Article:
Internet Marketing

Measuring Internet Marketing Programs

Measuring Internet Marketing Programs: Measuring the success of Internet marketing programs involves tracking the actions web visitors take and converting these actions into values that can be used to determine and compare performance.

Some of the common measurements include the number of page hits, page views, ad impressions, click through rates and conversion rates of visitors to web sites.

Measuring Internet Marketing Programs


Page Hits

Page hits are the number of request to retrieve files that is received by web host over a period of time. Because each web page may contain multiple media files (images, audio clips).

Each request may be counted as a page hit, resulting in a much higher number of hits then web page visitors.


Page Views

Page views are the number of times a web page has been requested and displayed. A page impression is a single access of a web page, which includes all of its reference media items (pictures, audio files).


Unique Visitors

A unique visitor is web page access by a user that has not visited the web site before.

A unique visitor may be identified by their IP address that has not been used before or by unique data (e.g. cookies) that is stored on their computer.

The number of unique visitors removes the duplicate count for a visitor who revisits or reloads a web page.


Ad Impressions

Ad impressions are the number of times an advertising message or image has been viewed. Ad impressions indicate how many times an ad is provided to a web browser, not how many times it has been viewed on the display.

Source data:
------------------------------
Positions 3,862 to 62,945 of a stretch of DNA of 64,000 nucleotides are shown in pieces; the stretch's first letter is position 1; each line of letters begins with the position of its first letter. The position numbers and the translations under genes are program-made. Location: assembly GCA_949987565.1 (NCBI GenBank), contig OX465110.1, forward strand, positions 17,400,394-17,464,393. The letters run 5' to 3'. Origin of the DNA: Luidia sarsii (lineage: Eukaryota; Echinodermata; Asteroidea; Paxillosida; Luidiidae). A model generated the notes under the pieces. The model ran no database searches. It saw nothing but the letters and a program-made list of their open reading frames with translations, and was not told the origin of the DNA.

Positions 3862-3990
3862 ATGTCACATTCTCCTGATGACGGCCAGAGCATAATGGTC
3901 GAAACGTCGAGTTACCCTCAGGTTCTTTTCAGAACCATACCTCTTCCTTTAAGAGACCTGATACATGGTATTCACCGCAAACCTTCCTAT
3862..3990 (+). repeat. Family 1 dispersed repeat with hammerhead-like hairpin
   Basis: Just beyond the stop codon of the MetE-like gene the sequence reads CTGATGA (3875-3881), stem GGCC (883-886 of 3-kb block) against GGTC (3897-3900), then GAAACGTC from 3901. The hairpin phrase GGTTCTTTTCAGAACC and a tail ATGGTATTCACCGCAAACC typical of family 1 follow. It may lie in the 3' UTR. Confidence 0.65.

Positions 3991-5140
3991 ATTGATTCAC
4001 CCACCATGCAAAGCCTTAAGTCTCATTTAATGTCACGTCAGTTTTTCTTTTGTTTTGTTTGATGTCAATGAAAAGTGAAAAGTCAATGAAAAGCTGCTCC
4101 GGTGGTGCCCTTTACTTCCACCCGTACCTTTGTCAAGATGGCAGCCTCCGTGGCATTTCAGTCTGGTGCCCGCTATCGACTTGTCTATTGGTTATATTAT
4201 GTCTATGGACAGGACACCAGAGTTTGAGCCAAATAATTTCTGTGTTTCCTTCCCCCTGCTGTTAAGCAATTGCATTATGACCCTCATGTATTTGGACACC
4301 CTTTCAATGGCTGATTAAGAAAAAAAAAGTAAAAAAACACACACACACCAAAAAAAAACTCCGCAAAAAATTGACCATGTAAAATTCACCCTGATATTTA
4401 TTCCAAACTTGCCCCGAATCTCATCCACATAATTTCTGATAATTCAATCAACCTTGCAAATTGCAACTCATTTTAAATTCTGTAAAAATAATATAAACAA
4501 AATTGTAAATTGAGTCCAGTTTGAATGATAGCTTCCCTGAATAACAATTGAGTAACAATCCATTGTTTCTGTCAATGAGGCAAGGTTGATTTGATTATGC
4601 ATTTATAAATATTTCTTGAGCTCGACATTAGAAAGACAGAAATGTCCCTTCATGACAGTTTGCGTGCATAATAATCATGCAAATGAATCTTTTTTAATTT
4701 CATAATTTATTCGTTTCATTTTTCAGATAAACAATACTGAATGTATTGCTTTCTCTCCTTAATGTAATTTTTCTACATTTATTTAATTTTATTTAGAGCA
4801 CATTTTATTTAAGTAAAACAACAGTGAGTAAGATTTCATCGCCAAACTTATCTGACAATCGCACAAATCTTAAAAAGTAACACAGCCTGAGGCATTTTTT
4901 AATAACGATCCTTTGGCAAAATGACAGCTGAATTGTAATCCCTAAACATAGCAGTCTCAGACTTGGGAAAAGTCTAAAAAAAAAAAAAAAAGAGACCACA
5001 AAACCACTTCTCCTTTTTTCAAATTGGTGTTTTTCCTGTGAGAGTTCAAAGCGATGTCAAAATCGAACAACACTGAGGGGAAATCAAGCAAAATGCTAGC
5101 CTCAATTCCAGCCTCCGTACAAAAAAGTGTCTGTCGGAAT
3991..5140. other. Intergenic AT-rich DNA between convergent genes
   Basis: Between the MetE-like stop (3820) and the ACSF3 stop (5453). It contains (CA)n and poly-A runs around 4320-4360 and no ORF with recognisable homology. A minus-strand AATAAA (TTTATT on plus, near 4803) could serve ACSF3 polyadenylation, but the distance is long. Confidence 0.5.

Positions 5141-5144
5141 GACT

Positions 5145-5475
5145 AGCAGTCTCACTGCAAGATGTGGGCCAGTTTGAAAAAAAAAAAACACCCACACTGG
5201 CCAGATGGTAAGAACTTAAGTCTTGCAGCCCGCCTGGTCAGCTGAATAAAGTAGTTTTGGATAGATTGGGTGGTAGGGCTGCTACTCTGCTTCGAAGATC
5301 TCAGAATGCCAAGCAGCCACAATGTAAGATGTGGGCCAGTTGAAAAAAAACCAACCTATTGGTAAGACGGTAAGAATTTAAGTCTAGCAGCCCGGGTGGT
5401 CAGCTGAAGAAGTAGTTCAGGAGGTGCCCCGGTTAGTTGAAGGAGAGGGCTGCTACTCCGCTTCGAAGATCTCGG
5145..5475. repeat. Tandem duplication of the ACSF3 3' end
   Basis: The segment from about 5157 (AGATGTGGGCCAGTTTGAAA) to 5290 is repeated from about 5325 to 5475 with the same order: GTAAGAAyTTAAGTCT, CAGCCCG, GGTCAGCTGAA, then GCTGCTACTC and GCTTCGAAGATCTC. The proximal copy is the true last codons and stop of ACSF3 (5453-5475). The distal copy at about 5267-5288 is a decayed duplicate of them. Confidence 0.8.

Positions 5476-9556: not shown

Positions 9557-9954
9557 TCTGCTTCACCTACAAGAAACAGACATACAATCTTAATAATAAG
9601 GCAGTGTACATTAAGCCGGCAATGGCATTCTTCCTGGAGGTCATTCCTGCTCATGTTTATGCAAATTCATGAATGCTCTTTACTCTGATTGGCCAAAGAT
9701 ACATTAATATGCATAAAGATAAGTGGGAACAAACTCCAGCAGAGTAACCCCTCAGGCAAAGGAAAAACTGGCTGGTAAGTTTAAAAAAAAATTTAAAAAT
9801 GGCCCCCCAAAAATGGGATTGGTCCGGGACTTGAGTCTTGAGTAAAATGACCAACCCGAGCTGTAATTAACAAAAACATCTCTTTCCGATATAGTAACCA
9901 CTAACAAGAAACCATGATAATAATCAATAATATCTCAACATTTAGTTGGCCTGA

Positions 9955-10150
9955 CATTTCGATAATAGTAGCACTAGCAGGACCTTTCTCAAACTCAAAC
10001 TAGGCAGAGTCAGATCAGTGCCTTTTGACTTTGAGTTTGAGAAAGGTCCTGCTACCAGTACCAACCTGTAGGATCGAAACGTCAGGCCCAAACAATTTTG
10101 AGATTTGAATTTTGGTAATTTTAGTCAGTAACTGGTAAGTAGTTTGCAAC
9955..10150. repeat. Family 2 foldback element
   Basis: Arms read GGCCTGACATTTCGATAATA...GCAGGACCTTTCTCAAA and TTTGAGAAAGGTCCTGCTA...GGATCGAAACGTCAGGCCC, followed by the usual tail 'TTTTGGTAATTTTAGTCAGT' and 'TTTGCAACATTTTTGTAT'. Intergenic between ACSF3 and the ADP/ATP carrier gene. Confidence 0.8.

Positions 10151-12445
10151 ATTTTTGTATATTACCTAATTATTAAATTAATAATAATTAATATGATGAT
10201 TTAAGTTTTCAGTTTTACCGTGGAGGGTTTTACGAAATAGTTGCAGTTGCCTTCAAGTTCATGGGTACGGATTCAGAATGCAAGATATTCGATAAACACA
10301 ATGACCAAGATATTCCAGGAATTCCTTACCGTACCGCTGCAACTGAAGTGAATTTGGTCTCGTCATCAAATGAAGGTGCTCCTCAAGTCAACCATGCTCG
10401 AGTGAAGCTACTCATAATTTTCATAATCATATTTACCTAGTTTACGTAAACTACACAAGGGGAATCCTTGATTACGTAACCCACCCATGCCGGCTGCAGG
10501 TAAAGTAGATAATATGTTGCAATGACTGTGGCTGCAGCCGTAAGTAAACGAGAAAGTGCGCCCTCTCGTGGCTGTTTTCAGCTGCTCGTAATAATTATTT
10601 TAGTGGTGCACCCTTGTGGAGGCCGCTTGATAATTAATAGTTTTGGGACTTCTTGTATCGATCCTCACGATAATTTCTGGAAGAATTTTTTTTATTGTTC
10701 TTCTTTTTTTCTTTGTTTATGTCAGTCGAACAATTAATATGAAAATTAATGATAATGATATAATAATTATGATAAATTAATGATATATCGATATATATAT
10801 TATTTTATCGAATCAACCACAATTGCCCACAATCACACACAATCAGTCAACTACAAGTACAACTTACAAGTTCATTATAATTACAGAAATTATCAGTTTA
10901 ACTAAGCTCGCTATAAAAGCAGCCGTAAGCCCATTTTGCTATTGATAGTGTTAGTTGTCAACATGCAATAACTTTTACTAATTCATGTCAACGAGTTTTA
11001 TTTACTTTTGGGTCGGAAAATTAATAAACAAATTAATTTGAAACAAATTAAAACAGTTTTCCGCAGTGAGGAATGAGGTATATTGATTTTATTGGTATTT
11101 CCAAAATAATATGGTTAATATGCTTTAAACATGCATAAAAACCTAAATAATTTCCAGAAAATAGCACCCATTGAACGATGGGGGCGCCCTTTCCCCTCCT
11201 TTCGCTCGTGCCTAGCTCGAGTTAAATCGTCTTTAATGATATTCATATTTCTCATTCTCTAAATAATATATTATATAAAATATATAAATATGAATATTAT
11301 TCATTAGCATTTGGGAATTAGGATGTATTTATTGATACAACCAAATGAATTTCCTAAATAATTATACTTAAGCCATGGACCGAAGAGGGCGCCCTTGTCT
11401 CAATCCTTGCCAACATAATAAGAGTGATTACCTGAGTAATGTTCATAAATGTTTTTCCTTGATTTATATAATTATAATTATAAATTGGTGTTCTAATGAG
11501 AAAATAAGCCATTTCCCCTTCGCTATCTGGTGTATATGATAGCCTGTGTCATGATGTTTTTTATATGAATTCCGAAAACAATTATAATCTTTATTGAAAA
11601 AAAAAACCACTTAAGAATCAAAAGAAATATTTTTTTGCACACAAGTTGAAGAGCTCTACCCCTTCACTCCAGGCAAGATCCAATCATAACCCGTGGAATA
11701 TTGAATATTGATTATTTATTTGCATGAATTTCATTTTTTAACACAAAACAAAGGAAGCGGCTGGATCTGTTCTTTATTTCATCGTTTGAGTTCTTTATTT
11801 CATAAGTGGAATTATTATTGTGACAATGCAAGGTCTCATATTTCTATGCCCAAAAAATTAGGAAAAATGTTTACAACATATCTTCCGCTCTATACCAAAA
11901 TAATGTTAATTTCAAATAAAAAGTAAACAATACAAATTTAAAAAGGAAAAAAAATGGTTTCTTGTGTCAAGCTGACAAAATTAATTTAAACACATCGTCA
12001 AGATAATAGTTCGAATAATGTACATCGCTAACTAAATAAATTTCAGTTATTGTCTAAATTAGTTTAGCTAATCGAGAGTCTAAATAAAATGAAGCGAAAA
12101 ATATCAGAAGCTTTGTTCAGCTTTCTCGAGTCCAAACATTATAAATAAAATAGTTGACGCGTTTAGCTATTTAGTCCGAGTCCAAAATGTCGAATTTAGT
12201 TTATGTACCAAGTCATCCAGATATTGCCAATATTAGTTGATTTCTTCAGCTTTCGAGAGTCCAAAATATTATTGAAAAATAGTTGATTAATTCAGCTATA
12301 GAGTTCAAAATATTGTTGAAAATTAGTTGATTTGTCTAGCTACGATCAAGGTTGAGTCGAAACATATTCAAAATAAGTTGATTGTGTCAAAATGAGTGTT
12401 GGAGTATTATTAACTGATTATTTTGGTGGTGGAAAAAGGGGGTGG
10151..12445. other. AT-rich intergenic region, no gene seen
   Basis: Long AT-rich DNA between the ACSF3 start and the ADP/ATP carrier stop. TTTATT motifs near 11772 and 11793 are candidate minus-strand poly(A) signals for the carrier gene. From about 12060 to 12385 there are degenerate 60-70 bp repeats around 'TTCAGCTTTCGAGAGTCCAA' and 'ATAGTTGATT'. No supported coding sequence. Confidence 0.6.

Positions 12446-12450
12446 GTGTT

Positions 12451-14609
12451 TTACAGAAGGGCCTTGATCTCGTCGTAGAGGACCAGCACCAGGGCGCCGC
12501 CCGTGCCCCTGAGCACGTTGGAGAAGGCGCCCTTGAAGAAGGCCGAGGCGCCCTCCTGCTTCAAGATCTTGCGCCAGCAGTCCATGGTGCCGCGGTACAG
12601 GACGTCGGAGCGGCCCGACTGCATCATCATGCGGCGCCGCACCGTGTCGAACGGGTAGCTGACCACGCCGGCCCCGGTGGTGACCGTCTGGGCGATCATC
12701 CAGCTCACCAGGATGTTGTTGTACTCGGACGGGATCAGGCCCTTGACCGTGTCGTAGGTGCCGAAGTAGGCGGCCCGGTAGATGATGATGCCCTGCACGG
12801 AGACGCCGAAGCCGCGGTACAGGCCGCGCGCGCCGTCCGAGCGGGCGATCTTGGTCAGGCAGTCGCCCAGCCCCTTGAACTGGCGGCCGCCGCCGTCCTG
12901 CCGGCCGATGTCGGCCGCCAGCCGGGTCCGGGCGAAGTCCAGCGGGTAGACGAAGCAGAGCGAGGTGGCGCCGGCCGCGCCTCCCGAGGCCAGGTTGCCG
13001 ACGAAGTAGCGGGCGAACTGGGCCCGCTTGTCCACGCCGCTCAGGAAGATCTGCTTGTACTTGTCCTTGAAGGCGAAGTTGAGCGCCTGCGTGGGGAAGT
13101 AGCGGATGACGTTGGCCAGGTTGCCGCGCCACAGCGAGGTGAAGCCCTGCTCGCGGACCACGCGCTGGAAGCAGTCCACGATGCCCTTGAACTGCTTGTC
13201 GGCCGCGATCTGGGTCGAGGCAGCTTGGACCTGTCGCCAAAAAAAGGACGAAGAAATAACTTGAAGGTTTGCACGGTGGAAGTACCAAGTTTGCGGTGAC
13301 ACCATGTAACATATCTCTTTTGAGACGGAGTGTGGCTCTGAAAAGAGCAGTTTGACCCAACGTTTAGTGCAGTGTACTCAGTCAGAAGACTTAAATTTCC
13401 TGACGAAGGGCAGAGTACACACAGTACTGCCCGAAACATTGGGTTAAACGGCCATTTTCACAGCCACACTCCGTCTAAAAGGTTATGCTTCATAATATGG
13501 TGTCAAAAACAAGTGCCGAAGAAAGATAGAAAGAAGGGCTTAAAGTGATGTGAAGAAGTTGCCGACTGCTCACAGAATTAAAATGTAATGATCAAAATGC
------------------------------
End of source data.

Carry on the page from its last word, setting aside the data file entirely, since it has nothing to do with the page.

Ad impression may not be accurate as a result of various factors that include ads that appear outside the display window (e.g. placed at the end of the web page) or for web pages that load slowly where the user changes web pages before the ad has time to appear.


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Click Through Rate (CTR)

Click through rate is the ratio (usually in percentage form) of how many clicks a link received from visitors compared to the number of times the link is displayed.

An example of click through rate is a link that is clicked 5 times out of 100 display to visitors is 5%.


Conversion Rates

Conversion rates are a measure of the people who connect to a web page and perform an action (such as purchase a product) via that web site.

A high conversion rates percentage usually indicates how much more valuable a web site is to its visitors.


Visitor Tracking

Visitor tracking is the process of assigning a unique identifier (a visitor ID code) to a person who visits a web page that can be used to identify additional pages they visit on the web sites.

Marketing people want to know where visitors come from (referral site), where they enter, what they look at, how long they stay and where they leave (exit) the web site.


Click Trails

A click trail is the sequence of link selections that specific visitors make between entering and leaving a web site. When a visitor enters into a web site, a connection is made between the visitor’s computer and the web site host computer.

This creates a new unique session ID and the session ID remains the same while the user is still connected to the web site.

This means that any information that the visitor selects when they navigate through the web site (such as items in a shopping cart) can be temporarily stored and associated with the Session ID.

When the visitor leaves the web site (or their session ID time period expires), the session ID ends.


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